College Softball Pitching Rules

power softball image by Steve Brase from Fotolia.com

A handful of important regulations vary from one sanctioning body to another regarding college softball pitching -- right down to where you can stand on the pitcher's plate -- and the NCAA regulates down to the color of your glove. So it's best to know the most important rules when you join the team.

Foot Placement

This one is key because it varies wildly among some of softball's major governing bodies and associations. The Amateur Softball Association says the back foot must touch the rubber and no backward step is allowed to build momentum, while the U.S. Specialty Sports Association allows for the stride foot to sit behind the rubber, and allows for a backward step. The NCAA sides with the ASA. No backward starts are allowed, and both feet must touch the rubber before the windup.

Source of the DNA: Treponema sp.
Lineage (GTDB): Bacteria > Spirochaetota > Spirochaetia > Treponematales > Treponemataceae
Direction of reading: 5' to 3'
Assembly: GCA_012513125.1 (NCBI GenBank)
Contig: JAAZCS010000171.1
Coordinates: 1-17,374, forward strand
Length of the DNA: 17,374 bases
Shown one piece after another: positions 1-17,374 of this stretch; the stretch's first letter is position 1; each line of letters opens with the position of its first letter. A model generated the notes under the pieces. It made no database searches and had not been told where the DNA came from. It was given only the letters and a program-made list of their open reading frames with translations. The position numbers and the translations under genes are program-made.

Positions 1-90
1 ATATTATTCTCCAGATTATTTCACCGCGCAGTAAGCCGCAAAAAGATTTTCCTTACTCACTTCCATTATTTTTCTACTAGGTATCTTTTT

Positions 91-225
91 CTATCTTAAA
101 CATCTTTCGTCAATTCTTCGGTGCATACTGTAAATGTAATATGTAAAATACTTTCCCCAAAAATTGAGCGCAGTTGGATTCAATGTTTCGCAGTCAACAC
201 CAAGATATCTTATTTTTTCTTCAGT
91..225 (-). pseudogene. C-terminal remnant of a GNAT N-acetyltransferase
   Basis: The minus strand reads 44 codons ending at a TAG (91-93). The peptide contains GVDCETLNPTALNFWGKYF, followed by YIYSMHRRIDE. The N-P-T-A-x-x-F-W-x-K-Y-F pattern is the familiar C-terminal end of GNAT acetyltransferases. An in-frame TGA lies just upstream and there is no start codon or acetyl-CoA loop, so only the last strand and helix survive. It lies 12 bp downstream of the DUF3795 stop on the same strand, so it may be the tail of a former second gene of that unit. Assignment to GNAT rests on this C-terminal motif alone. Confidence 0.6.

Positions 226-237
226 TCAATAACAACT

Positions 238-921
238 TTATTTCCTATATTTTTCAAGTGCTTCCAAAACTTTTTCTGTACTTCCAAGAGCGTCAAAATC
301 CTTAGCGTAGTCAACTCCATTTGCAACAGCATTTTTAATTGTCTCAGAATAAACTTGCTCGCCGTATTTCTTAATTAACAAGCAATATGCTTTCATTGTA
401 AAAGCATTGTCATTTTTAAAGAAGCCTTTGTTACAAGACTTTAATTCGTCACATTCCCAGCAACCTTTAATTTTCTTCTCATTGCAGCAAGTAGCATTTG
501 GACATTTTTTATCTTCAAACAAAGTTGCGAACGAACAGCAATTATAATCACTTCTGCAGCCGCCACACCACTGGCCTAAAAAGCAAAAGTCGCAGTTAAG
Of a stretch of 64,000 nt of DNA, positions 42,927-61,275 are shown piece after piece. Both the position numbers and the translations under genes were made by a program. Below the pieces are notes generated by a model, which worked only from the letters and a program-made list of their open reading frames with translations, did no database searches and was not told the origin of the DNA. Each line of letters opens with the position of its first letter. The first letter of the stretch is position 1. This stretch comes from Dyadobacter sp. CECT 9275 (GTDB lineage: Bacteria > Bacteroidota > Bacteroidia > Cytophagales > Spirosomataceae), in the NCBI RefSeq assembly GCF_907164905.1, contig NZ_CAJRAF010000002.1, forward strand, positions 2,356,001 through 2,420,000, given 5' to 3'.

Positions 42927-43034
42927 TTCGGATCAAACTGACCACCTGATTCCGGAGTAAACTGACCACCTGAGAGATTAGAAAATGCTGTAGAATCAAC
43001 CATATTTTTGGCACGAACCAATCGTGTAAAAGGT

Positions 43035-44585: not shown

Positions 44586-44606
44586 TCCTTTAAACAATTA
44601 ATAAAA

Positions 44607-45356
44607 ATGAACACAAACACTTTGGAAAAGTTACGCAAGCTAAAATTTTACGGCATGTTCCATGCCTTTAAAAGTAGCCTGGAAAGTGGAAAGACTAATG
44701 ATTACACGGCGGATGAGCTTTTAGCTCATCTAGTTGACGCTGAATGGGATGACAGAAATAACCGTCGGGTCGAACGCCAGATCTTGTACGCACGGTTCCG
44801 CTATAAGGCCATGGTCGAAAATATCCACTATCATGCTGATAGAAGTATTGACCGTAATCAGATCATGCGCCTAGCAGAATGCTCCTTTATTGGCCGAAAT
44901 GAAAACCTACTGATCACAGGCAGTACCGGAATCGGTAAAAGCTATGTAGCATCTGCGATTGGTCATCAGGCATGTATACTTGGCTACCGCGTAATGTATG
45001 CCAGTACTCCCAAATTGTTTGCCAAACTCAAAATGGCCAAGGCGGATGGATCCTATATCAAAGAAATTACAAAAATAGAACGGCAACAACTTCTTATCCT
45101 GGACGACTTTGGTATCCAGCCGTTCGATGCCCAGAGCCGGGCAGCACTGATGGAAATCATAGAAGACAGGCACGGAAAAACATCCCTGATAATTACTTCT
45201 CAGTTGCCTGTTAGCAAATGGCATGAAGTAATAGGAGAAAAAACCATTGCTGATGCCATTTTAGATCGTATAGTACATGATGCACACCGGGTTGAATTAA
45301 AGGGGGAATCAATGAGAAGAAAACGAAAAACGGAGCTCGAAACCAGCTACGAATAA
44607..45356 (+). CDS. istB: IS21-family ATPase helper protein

Staying Grounded.

Pitchers in college must land in the pitching lane after releasing the ball. The lane, which isn't an actual, visible line on the field on most other levels of play, is intended to keep pitchers from driving themselves into the air and landing outside of the 24-inch radius. Pitchers cannot leap. Though the NCAA recognizes some lift off the ground may occur, both feet cannot leave the ground simultaneously.

Glove Color

The pitcher's glove and its lacing must be tan, gray, brown, white or black, or any combination of those colors. The manufacturer's logo is not considered in this instance and can be any color -- a rule clarified by the NCAA prior to the 2010 season to clear confusion. This is not a stylistic rule but rather it is intended to keep pitchers from using gloves whose coloring may distract the batter or obscure the ball.

Delivery

The pitcher is required to throw the ball underhand, using no more than 1 1/2 arm revolutions to gain velocity from a release point lower than her hip. Her wrist must be within elbow's distance from her hip. Should she drop the ball or commit another sort of illegal pitch - -such as beginning the windup motion with the ball in both hands -- the ball is considered in play for baserunners to advance and a ball is rewarded to the batter.

Most Recent

×